Interesting debate on learning styles.  For me, even if learning styles are individual preferences influenced by situational factors rather than hard wired brain attributes, the important point is still that educators need to provide for variety in the learning experience of students.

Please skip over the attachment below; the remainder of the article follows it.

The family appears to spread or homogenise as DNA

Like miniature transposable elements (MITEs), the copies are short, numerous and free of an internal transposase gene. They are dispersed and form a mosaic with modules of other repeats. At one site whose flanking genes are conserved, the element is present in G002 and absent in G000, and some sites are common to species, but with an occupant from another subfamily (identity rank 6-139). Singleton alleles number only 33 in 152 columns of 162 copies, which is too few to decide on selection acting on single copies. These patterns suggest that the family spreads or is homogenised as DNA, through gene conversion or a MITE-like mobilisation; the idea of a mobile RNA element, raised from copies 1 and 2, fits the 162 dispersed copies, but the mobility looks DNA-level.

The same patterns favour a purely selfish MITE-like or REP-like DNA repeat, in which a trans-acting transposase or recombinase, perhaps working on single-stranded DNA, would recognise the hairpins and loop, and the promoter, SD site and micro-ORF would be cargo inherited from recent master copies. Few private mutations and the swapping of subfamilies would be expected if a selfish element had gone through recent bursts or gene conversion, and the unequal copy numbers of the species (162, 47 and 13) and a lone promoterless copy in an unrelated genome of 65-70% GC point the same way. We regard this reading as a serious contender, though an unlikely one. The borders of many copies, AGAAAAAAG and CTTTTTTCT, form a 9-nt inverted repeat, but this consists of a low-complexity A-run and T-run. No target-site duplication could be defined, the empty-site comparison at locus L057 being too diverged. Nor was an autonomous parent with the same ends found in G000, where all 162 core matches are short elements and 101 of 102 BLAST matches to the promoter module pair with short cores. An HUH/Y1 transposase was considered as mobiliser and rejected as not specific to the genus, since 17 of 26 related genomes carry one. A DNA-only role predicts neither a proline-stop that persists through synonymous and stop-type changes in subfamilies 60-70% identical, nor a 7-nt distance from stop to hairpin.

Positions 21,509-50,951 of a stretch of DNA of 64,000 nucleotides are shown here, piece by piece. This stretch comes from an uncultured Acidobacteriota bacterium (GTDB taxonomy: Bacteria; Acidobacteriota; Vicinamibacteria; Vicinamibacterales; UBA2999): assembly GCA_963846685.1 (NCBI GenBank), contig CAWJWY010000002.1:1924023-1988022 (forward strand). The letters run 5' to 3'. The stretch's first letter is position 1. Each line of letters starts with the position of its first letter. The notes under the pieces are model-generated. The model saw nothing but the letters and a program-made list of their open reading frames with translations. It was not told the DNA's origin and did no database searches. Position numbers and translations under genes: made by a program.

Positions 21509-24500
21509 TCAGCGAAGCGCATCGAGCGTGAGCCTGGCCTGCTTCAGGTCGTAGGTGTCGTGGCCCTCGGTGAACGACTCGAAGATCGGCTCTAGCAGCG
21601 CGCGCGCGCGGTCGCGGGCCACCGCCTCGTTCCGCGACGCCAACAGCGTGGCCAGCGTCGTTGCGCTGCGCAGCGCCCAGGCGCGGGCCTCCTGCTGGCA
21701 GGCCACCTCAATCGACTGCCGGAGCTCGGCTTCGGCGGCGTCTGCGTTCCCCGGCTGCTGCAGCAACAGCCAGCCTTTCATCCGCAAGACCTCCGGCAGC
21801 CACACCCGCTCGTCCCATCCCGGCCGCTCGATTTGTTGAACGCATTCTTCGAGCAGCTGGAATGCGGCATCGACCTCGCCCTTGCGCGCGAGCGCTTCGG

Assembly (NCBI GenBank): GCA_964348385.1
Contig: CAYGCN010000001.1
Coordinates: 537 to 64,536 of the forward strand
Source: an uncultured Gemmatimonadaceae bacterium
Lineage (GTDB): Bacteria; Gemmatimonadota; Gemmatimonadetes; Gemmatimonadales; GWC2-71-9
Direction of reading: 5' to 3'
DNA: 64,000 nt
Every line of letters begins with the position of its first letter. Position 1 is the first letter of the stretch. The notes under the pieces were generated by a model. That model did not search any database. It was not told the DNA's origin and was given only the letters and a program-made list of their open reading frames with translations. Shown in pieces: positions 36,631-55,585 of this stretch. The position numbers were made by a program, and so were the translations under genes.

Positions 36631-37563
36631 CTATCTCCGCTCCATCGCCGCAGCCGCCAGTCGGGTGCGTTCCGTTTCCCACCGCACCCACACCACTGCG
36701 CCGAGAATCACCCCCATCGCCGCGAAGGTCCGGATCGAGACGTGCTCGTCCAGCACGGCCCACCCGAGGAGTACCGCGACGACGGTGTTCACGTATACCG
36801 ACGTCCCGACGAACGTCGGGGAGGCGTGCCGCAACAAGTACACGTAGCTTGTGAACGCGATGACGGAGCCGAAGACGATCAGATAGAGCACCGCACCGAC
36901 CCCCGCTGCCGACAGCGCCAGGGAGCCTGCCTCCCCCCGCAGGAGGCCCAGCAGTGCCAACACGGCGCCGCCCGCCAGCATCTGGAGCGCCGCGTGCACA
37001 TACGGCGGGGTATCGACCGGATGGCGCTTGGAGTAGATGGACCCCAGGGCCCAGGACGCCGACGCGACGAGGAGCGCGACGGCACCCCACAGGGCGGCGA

Monday, June 02, 2008